Reduce your waste

A small change you could implement quite easily, is bringing your own water bottle and travel mug to the conference centre. EGU no longer offers single-use water bottles at coffee breaks, but water fountains can be found all over the building where you can refill your own bottle. Paper cups are still offered at the coffee breaks during the General Assembly, so imagine how much paper you could save if you use your own travel mug instead of a new paper cup during each single coffee break. And using your own mug might inspire other attendees to do the same next time!

 

Eat more plants

Another aspect of reducing your carbon footprint is by limiting your consumption of meat. The meat and dairy industry have been shown to be among the biggest contributors to the emission of greenhouse gases, as well as to other processes like water- and air pollution. Of course, Vienna is known for the Wiener Schnitzel, but there are plenty of options to eat vegetarian or vegan as well. If you want to check out some all vegan places, try Swing Kitchen for a tasty burger with fries, go to Simply Raw Bakery for a delicious vegan breakfast, or treat yourself to one of the wholesome plant-based meals of Venuss Bistro. For both vegetarian and vegan options, go to the daily buffet at Yamm! restaurant, where dishes from many different parts of the world are served. For more inspiration, visit the website Happy Cow and find veggie-friendly restaurants in cities all over the world. Of course, no one expects you to go cold turkey and stop eating meat at once; that is simply very hard. However, every step matters and replacing your Wiener Schnitzel with a plant-based meal just once during your stay in Vienna will already make a difference.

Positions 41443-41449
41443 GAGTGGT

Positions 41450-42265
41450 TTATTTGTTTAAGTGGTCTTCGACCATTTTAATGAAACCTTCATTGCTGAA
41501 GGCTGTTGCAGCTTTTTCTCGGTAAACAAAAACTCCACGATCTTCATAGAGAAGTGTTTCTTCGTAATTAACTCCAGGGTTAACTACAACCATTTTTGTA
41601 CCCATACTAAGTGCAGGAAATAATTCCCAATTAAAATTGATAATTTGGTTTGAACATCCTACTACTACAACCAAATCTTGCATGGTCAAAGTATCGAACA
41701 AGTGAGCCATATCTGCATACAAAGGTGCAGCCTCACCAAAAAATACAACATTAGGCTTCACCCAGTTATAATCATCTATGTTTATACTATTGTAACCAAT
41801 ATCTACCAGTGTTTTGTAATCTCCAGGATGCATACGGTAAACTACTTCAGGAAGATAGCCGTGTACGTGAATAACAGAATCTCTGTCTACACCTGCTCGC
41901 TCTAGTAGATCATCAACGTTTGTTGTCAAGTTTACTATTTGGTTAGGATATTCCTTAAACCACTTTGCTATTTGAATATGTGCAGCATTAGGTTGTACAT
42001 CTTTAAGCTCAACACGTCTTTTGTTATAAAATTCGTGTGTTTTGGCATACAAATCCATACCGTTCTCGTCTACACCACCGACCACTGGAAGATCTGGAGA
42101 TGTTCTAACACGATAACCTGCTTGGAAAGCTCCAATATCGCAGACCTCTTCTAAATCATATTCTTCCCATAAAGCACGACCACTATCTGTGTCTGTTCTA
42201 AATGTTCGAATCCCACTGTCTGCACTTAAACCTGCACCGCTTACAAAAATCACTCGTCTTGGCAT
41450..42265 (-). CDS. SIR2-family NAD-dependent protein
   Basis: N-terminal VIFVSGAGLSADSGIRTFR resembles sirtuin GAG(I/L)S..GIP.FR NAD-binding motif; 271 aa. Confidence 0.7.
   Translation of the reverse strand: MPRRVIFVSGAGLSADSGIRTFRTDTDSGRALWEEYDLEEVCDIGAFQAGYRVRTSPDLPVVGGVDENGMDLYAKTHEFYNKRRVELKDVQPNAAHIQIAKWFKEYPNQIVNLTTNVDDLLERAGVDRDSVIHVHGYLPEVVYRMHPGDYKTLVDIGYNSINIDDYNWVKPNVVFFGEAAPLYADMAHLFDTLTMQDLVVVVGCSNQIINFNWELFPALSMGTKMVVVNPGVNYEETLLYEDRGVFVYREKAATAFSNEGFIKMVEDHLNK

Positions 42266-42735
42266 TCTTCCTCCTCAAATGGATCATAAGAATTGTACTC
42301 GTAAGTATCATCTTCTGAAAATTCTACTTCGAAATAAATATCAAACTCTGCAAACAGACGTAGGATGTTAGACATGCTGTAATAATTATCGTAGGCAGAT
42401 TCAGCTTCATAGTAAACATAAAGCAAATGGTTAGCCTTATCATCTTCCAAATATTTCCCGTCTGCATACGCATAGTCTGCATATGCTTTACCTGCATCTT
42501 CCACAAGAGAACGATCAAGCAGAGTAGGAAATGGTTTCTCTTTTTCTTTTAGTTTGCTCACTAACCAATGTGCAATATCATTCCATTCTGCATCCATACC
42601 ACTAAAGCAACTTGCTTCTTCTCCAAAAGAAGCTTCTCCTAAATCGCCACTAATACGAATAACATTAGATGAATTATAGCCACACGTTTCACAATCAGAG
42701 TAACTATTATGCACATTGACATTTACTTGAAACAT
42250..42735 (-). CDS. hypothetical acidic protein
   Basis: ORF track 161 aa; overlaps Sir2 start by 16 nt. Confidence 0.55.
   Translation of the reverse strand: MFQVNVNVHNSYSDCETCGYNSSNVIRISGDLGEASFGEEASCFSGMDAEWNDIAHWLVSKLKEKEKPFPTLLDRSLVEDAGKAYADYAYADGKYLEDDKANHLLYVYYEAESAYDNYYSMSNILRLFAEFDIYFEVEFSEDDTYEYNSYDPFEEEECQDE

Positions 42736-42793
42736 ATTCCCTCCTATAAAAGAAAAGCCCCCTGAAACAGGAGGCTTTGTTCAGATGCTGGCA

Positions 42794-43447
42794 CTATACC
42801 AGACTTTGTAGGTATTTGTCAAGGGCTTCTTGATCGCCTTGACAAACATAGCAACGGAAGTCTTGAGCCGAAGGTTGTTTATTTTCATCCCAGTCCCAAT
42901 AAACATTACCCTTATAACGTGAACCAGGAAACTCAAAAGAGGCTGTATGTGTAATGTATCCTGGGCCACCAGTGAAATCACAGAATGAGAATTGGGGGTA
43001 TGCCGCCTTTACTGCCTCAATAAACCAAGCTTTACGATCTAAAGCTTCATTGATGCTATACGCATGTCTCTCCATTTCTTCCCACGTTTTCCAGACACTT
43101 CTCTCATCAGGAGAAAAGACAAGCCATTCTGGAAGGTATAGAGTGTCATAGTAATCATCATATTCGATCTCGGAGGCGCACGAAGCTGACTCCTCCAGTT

Combine your trip with other meetings

Conferences are a great opportunity to network and catch up with your colleagues from other labs. Rather than making separate trips to meet some of your colleagues, why not try to plan meetings with them in Vienna, either during, before or after the General Assembly? Another option is to visit multiple destinations in one trip, for example by visiting your colleagues in Paris when you’re on your way back to London. This could also serve as a welcome break during the long train journey home from Vienna, so it’s a win-win!

 

Worried that these actions will only scratch the surface? Imagine 16,000 scientists making these choices each year; we will definitely make a difference!

 

*Prices and travel times based on a search in February 2020

Elenora van Rijsingen
Elenora van Rijsingen is a postdoc in geophysics at Ecole Normale Supérieure in Paris, France. By using various methods, such as natural data analyses, analogue modelling and numerical modelling, she aims to gain a better understanding of the parameters that control seismogenic behaviour in subduction zones. Her current project focuses on the seismotectonics in the Caribbean.